2. Related work A rich palette of diverse ideas has been proposed during the past few years on the problem of recognition of human actions by employing different types of visual information. Among them, silhouettes and spatio-temporal interesting points (STIPs) have been most widely used visual features. However, to our best knowledge, there are few reports so far on action recognition using depth maps. Therefore, This section presents a review on the work of silhouette-based action recognition since it is most relevant to the work presented in this paper. Review on other types of visual features, such as STIPs and skeletons, can be found in [12, 11, 14, 8]. Use of silhouettes as input to recognize human actions in general follows the concept that human motion can be considered as a continuous evolution of the body pose and is mainly driven by the background modeling techniques and application of video surveillance. Silhouettes can effec-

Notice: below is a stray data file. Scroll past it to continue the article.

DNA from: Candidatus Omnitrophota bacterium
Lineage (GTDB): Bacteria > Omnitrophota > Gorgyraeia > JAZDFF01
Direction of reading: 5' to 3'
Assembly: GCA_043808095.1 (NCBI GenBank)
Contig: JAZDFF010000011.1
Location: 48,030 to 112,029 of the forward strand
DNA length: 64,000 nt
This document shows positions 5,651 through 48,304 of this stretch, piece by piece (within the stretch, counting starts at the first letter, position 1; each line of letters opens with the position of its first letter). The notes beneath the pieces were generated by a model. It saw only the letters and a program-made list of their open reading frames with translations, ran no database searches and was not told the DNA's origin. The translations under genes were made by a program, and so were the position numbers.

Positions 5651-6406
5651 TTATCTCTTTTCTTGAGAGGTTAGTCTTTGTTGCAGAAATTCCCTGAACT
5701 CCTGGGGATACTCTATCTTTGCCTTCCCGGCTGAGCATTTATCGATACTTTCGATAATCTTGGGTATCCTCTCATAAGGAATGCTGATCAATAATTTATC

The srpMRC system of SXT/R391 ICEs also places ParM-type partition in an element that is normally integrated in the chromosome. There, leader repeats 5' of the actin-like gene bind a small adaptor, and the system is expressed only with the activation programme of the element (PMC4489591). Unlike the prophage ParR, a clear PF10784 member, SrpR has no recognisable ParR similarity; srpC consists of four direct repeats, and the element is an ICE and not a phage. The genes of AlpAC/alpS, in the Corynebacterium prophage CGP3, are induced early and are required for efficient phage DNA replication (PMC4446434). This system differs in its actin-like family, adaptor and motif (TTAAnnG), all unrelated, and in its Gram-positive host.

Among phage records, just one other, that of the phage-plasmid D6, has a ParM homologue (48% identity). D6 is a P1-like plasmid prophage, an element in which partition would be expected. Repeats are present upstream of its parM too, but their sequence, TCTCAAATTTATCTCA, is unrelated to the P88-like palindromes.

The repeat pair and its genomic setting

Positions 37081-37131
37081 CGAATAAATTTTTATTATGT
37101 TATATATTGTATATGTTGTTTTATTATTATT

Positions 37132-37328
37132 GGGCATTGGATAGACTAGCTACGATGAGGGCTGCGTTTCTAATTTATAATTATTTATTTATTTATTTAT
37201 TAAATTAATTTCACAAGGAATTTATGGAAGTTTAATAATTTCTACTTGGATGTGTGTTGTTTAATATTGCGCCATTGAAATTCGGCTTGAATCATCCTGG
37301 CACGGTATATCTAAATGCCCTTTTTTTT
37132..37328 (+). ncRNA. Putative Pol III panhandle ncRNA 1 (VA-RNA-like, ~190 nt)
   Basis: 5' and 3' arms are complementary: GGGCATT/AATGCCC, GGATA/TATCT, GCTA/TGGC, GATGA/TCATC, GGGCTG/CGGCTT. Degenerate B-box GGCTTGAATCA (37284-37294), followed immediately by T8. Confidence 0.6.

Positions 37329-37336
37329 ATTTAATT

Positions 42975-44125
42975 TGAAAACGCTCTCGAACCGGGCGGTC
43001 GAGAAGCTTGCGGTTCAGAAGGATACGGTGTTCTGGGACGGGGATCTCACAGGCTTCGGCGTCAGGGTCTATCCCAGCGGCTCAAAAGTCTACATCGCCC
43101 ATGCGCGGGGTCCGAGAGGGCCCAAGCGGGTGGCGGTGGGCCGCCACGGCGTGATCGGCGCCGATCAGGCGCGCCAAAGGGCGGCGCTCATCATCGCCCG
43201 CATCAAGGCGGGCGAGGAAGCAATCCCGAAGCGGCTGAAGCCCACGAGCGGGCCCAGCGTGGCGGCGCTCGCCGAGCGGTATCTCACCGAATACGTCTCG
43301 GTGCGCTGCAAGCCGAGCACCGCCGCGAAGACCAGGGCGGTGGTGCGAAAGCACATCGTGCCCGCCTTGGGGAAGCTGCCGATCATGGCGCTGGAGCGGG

tively describe the shape of body poses. Methods proposed in the past for silhouette-based action recognition can be classified into two categories. One is to extract action descriptors from the sequences of silhouettes. Conventional classifiers are used for the recognition. In this approach, the action descriptors are supposed to capture both spatial and temporal characteristics of the actions. For instance, in the early work by Bobick and Davis [2], the silhouettes are stacked together to form a motion energy images (MEI) and motion history images (MHI). Seven Hu moments [6] are extracted from both MEI and MHI to serve as action descriptors. Action recognition is based on the Mahalanobis distance between each moment descriptor of the known actions and the input one. Meng [10] extended the MEI and MHI into a hierarchical form and used a Support Vector Machine (SVM) to recognize the actions. In the method proposed by Chen et al. [3], star figure models were fitted to silhouettes to capture the five extremities of the shape that correspond to the arms, legs and head. Gaussian mixture models were used to model the spatial distribution of the five extremities over the period of an action, ignoring the temporal order of the silhouettes in the action sequence. Davis and Yyagi [5] also used GMM to capture the distribution of the moments of a silhouette sequence. The other category of the methods is to extract features from each silhouette and model the dynamics of the action explicitly, often using statistical models such as hidden Markov models(HMM), graphical models (GM) and conditional random fields (CRF). The feature extracted from each silhouette is to capture the shape of the body and possible local motion. For instance, Divis and Tyagi [5] used moments to describe shapes of a silhouette and continuous HMM to model the dynamics. In [7], Kellokumpu et al. chose Fourier shape descriptors and classified the postures into a finite number of clusters. Discrete HMM are then used to model the dynamics of the actions where the posture clusters are considered to be the discrete symbols emitted from the hidden states. Sminchisescu et al. [13] relaxed the HMM assumption of conditional independence of observations given the actions by adopting the CRF model. Zhang and Gong [19] extracted the spectrum of the chain-code of the silhouettes and motion moment as the feature and proposed a modified hidden conditional random field (HCRF) to model the dynamics of the actions. Veerarahavan, et al. [15] adopted Kendall’s representation of shape as shape features and proposed to use autoregressive (AR) model and autoregressive and moving average (ARMA) model to capture the kinematics of the actions. In the work by Wang and Suter [16], Locality Preserving Projection (LPP) was employed to learn a subspace to describe the postures and DTW and temporal Huasdorff distance to classify the actions in the subspace. Colombo, et al. [4] proposed to find the subspace for each type of actions through principal com-